Is it Difficult to Get a Work Visa in Switzerland?

Switzerland is consistently rated as one of the top places to live in the world. Although getting a work permit can be challenging, it’s possible for people with EU or EFTA citizenship, those married to a Swiss resident, and highly specialised professionals. Keep reading to learn more about the requirements to move to Switzerland.

Step 1: Determine If You Can Work in Switzerland

If you come from a non-EU or EFTA country, obtaining a work permit and living in Switzerland isn’t always possible. Only certain groups of people can get a permit.

Highly Qualified Specialists

As a non-EU or EFTA national with no connections to Switzerland, you can only get a job in the country if no Swiss, EU, or EFTA worker could be found for the position. This means that you have a good chance of finding work if you’re a highly trained specialist with a university degree and several years of experience in your field.

People with Swiss Roots

If you live abroad but one of your parents is Swiss, you may be able to acquire Swiss citizenship and work in Switzerland if you have close ties to the country. This means that you have regular contact with Swiss citizens, speak one of the national languages, understand the country’s geography and history, and have visited Switzerland at least three times in the last six years.

People Married to a Swiss Resident

You don’t need a work permit to find a job in Switzerland if you’re married to a Swiss national or long-term resident. You’re considered part of the native workforce. However, this may not be the case if your spouse is a foreign national who has recently immigrated to Switzerland. In this case, your ability to work depends on your situation and skills.

Is it Difficult to Get a Work Visa in Switzerland?

Step 2: Determine If You Need a Work Visa

Not every foreign national who would like to work in Switzerland needs a work visa. If you’re from an EU or EFTA country, you can enter Switzerland without one. You can work or look for a job for up to three months. If you want to stay longer, you have to apply for a residence permit. This involves submitting a valid ID or passport and confirmation of employment or proof that you have the financial means to support yourself to the local council.

If you’re from a non-EU or EFTA country and you’re not married to a Swiss resident, you have to get a work visa. This is true even if you’re planning to stay for less than three months.

Types of Work Permits

Several types of work permits are available. Speak to your future employer to figure out which one makes the most sense in your situation. Aside from the permits described below, there are also several options for cross-border workers, refugees, and persons in need of protection.

L Permit

The L permit is meant for foreign nationals who are staying in Switzerland for a short period and for a specific purpose such as a course or a contract job. People with this permit typically stay for three months to a year.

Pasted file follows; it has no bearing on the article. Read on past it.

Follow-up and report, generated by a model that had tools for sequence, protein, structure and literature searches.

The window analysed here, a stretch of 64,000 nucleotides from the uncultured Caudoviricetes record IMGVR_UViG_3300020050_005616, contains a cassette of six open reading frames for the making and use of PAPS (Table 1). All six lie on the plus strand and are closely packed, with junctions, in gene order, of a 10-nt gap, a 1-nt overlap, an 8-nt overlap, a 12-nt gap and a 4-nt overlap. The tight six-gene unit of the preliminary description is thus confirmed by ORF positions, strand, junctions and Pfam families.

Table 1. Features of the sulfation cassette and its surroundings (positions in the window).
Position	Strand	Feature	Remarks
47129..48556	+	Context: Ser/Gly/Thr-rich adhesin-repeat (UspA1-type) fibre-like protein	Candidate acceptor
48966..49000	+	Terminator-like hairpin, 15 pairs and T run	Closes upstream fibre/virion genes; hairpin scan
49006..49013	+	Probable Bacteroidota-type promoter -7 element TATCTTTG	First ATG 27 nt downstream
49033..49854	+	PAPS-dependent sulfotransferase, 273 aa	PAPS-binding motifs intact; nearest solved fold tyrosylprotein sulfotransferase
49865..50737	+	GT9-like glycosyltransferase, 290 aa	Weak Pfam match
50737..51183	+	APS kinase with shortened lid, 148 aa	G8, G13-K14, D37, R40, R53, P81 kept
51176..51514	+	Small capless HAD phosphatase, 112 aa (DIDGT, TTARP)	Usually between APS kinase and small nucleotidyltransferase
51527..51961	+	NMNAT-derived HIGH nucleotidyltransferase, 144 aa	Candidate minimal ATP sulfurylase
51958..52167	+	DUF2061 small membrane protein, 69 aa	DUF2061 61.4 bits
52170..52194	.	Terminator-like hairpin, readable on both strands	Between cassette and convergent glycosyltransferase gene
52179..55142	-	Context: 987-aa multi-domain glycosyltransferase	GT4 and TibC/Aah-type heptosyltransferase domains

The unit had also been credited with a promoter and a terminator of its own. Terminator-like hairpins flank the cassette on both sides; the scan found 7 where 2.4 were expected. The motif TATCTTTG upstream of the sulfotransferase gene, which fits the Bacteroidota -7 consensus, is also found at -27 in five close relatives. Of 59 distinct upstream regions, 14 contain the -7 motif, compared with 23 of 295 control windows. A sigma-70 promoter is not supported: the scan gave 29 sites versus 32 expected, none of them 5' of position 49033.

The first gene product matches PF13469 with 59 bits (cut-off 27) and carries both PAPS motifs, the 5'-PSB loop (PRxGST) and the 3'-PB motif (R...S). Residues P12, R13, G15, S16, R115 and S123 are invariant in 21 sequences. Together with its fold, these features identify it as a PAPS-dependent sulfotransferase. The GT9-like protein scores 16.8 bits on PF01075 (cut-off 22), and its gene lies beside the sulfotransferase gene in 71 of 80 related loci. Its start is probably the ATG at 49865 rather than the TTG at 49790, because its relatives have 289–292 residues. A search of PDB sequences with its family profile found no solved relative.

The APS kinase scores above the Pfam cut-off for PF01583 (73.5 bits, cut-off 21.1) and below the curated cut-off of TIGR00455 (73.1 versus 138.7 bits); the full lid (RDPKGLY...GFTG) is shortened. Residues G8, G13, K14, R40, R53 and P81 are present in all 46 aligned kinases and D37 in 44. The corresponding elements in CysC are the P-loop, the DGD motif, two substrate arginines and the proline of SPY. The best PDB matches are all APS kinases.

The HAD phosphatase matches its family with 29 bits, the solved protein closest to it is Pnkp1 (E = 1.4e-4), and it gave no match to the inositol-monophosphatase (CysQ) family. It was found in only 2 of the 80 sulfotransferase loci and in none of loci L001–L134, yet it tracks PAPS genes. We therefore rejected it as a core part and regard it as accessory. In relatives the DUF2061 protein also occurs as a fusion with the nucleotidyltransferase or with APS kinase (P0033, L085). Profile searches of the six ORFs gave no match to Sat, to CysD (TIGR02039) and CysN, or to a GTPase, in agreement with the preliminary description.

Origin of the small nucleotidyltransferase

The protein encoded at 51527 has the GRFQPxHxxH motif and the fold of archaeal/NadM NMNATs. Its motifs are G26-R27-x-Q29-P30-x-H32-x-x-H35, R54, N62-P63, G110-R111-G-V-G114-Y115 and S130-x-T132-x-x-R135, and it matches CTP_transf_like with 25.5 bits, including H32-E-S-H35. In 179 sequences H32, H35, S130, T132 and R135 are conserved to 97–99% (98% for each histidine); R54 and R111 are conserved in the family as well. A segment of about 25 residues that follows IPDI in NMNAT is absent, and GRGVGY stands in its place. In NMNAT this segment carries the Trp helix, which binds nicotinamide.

B Permit

People who have a long-term job and would like to stay in Switzerland long-term need a B permit. It is valid for five years at a time and can be renewed if certain conditions are met. With a B permit, foreign nationals can only work at the company that hired them, and they can’t move to a different canton.

C Permit

The C permit is a permanent settlement permit. It is valid indefinitely and allows foreign nationals to work at any Swiss company and move freely around the country. Most people are eligible for the C permit after spending 10 or more years in Switzerland.

Ci Permit

Dependents of civil servants, foreign representatives, and workers for intergovernmental agencies can get a Ci permit. This allows them to live and work in Switzerland. Only spouses and children up to the age of 25 are eligible for this permit.

Step 3: Obtain Your Work Permit

The process for obtaining a work permit differs by canton and permit type. If you already have a job, your employer will contact the cantonal immigration and employment market authorities and request the relevant permit on your behalf.

If you’re from an EU or EFTA country and you don’t have a job at the time of your arrival, you have to contact your local council and register with them within 14 days of your arrival. Once you’ve completed the registration, which usually requires an in-person meeting at the council, you will then be issued your temporary residence permit.

Is it Difficult to Get a Work Visa in Switzerland?

Step 4: Check the Other Requirements to Move to Switzerland

Additionally, you have to take out basic health insurance within three months of your arrival. If you fail to do so, your council will assign you insurance. This is more expensive than finding your own provider, and the policy might not be tailored to your needs.

For many people, the first step to becoming a Swiss resident is finding the right job. Send your CV to us at Rigby AG to find out about the roles we’re currently recruiting for. You can also sign up for our newsletter to receive more insights into the requirements to move to Switzerland and what life is like here.